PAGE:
Senate Majority Leader Mitch McConnell, a Kentucky Republican, sought to put pressure on Democratic senators.
“Senate Democrats -- especially those who’ve voiced opposition to the president’s executive overreach -- should end their partisan filibuster of Department of Homeland Security funding,” he said in a statement.
At least three of the Senate Democrats who Republicans are trying to get to switch their votes aren’t changing their positions. Senator Claire McCaskill of Missouri’s spokeswoman, Sara Feldman, and Joe Manchin of West Virginia’s aide, Katie Longo, said the lawmakers continue to believe Congress should pass a “clean” bill to fund the agency and then debate immigration issues separately.
Democratic Senator Heidi Heitkamp of North Dakota holds the same view, said a congressional aide who sought anonymity.
Homeland Security, which oversees immigration enforcement, would face a shutdown of non-essential operations if Congress doesn’t agree on a spending bill before funding ends Feb. 27.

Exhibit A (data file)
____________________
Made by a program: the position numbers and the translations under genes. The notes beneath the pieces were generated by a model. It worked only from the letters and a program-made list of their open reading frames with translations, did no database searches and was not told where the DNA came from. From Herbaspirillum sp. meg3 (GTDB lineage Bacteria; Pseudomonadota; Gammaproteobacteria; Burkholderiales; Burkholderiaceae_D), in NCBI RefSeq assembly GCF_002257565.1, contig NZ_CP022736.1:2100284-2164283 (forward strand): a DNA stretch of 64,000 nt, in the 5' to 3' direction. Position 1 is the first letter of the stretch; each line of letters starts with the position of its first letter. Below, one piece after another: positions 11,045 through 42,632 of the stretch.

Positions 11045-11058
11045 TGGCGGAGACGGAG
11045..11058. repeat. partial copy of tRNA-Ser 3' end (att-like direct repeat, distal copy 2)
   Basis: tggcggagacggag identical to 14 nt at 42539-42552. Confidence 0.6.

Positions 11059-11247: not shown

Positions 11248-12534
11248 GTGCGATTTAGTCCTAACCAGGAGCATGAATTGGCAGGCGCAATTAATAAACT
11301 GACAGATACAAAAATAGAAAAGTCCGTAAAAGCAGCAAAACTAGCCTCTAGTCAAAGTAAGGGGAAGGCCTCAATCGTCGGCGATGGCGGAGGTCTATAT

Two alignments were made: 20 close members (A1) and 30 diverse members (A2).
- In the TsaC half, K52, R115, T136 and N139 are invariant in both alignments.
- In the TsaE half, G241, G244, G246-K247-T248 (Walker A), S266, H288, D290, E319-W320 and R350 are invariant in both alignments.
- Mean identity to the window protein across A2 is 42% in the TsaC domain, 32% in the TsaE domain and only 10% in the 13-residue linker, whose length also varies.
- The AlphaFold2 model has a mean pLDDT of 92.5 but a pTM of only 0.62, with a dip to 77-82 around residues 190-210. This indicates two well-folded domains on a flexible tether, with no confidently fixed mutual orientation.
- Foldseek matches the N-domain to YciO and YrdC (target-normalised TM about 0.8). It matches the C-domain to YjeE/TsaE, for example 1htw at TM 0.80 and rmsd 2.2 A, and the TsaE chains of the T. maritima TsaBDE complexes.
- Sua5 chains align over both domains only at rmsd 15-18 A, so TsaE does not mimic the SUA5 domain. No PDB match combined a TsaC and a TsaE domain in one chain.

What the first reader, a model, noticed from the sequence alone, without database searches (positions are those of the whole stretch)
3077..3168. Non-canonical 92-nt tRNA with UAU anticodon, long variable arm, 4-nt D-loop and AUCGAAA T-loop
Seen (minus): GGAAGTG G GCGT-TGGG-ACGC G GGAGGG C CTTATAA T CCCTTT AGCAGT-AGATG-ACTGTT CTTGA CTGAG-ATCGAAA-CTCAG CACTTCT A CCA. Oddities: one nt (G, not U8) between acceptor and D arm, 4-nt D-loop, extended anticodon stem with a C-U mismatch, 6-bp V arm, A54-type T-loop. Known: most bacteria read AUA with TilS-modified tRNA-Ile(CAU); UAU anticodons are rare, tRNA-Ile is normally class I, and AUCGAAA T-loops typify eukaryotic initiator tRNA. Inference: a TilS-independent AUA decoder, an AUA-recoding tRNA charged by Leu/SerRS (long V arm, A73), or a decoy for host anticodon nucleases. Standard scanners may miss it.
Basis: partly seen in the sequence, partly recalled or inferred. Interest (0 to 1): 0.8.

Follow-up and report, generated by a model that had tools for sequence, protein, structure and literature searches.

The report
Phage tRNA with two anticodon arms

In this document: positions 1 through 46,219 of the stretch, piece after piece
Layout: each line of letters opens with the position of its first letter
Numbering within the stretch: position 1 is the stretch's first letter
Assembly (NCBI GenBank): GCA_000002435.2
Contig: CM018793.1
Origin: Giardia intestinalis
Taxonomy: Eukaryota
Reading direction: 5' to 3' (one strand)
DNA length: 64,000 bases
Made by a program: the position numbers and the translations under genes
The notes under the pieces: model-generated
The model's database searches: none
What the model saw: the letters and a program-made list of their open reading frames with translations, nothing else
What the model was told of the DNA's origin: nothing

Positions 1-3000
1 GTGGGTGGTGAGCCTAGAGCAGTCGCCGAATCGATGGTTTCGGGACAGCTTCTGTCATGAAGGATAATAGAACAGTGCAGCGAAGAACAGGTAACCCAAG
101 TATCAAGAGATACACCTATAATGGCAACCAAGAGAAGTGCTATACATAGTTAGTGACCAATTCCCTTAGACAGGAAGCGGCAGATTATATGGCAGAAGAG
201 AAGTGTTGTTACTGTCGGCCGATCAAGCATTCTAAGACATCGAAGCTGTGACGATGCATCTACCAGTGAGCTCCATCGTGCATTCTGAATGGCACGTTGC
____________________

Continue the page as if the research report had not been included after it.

House Speaker John Boehner, an Ohio Republican, said on the “Fox News Sunday” program that he’s prepared to let homeland security funding lapse if the Senate doesn’t act on the House bill.
While Republicans say the ruling bolsters their case, it could also help break the stalemate if both sides agree to pass a short-term measure while they await the outcome of the White House appeal. Hanen found that Texas, which sued the administration along with 25 states, had satisfied the requirements to bring a lawsuit.